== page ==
The Impact Of Tinder On Online Dating
One way to understand what we’re trying to do with Conversful is to compare it to a different industry. In today’s updatem, I will focus on comparing online commenting to online dating. As you probably know, online dating has evolved tremendously over the last ten years and grown in popularity in tandem. Let’s start before all of this evolution, in 2010, when online dating looked like this.
In 2010, Match.com was the most popular online dating site. Like any other dating site, you got started on Match.com by creating a profile. However, after creating a profile, it was a free-for-all. You could receive messages from anyone on the platform, often from people you were not interested in (often women). On the reverse side, people were spending time writing these messages, never to hear back from recipients (often men). Online dating at this time was exemplified by the experience provided by Match.com. This experience was popular, but still a fringe part of society at-large. Below, you can see the growth in online dating as the way heterosexual couples meet from 0% pre-internet to ~20% in 2010.
If you look closely, you’ll actually see it hits 20% by 2005 and stays that way through 2010. Online dating, pioneered by sites like Match.com, existed, but if you were to say you met someone online at that time it would be abnormal. People might judge you even, feeling that you could not meet someone in person and had resorted to online dating in desperation. People had a friend who might be using it, but not two or three.
This stagnation was a direct result of the rules of online dating at that time. Only 20% of people felt comfortable, creating a profile and opening themselves up to floods of unwanted messages. Only 20% of people felt comfortable sending messages to potential dates that they might never hear back from. With these rules fixed, online dating as it was had reached its plateau. All of this was until Tinder entered the online dating realm in 2012.
Tinder is known for inventing swiping (right and left). But within this fun gesture, is a recreation of the rules of online dating. When you first create a profile on Tinder, you can’t send or receive any messages. Instead, you see profiles that you can swipe on to indicate interest. Only when you and another person swipe right on each other are you then able to exchange messages. This rule, referred to as double opt-in, was the real genius of Tinder; the swiping just made things fun.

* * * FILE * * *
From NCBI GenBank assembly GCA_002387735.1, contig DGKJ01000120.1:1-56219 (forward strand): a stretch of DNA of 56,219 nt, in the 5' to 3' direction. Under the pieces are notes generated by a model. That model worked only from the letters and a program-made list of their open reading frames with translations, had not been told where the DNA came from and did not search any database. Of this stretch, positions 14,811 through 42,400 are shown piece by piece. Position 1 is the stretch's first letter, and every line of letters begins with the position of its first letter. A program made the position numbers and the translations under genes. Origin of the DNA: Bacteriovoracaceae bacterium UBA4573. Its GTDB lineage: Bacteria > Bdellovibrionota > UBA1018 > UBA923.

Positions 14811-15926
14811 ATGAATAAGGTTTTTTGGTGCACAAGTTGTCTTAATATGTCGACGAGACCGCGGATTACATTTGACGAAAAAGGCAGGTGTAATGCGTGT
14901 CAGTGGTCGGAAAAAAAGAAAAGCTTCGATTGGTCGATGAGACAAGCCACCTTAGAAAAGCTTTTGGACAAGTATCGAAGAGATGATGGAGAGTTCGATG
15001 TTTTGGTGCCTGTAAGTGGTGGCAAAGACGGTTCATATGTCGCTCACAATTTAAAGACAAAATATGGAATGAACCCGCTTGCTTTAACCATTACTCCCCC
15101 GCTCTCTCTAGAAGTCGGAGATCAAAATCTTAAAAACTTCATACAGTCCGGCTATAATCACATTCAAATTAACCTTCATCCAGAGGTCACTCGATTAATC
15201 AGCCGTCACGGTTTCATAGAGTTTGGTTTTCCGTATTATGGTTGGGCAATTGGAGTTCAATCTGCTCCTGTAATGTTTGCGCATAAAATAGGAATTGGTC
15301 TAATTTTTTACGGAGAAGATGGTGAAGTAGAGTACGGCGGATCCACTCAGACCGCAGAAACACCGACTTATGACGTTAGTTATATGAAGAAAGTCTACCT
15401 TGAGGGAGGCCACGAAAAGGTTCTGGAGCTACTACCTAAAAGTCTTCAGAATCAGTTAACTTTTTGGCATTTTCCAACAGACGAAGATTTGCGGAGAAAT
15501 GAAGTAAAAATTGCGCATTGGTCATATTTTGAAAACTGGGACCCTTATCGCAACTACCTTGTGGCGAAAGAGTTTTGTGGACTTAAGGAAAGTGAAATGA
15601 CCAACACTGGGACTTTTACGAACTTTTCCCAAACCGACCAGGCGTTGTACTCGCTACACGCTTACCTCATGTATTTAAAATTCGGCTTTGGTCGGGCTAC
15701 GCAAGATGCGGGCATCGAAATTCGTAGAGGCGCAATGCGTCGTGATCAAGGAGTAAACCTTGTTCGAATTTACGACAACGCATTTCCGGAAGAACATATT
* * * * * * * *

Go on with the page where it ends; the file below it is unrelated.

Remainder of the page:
With the double opt-in, Tinder ensured messages exchanged are always welcome. It made people on both sides of the equation feel more comfortable with this new experience. With these new rules for online dating, pioneered by Tinder and mimicked later on by apps like Hinge & Bumble, the growth of online dating restarted.
What had leveled off at ~20% in 2010, has now grown to surpass 40% in 2020 and shows no sign of slowing down. Online dating is no longer fringe, but is normal. Everyone knows someone who has met their significant other through online dating and tens of millions more participate in casual dating It solved problems that existed not only on Martch.com circa 2010, but with dating in real life too.
What does this have to do with Conversful?
From publicly available data, it is estimated that .1% of people comment on websites. It is our belief, that this is because the rules of online commenting today, much like the rules of online dating in 2010, don’t make people feel comfortable doing so.
Today, commenting is public & permanent. If you say something, you say it to everyone & it lives online forever. In many ways it is similar to public speaking except you have no clear idea of who you are speaking to.
For these reasons, very few people comment. How many people do you know that comment actively? A few fringe people from high school maybe? Do you or your friends do so? Probably not. Almost no one I know does.
We believe it’s these rules that keep people from participating. We think there is a huge upside for making people feel comfortable sharing their opinion online. Maybe it never grows to 40% of adults, but even if it grew to 1% or 10% that’d be 10x or 100x more people than what exists today. Again, tens of millions of more people using the internet to fulfill the limitations with their physical communities.
This is what we are trying to do with Conversful. Yes, it is quite audacious & it certainly will take time, but we are dedicated to solving this problem. As I’ve been laying out in previous updates with all of our learnings from V1 to V3 we’re getting closer and closer. We will continue to put out new ideas until we crack the code like Tinder did with online dating.
As always, sites who try out Conversful in its current state will get direct access to our team to help us build out this vision and can keep our product on their site for free, forever. If you have a passionate community that you think could grow multiples with a new approach that made people feel more comfortable sharing their thoughts, please email me at firstname.lastname@example.org. Thanks for getting to the way bottom here - in two weeks I’ll be back with a more traditional update on the progress of the company.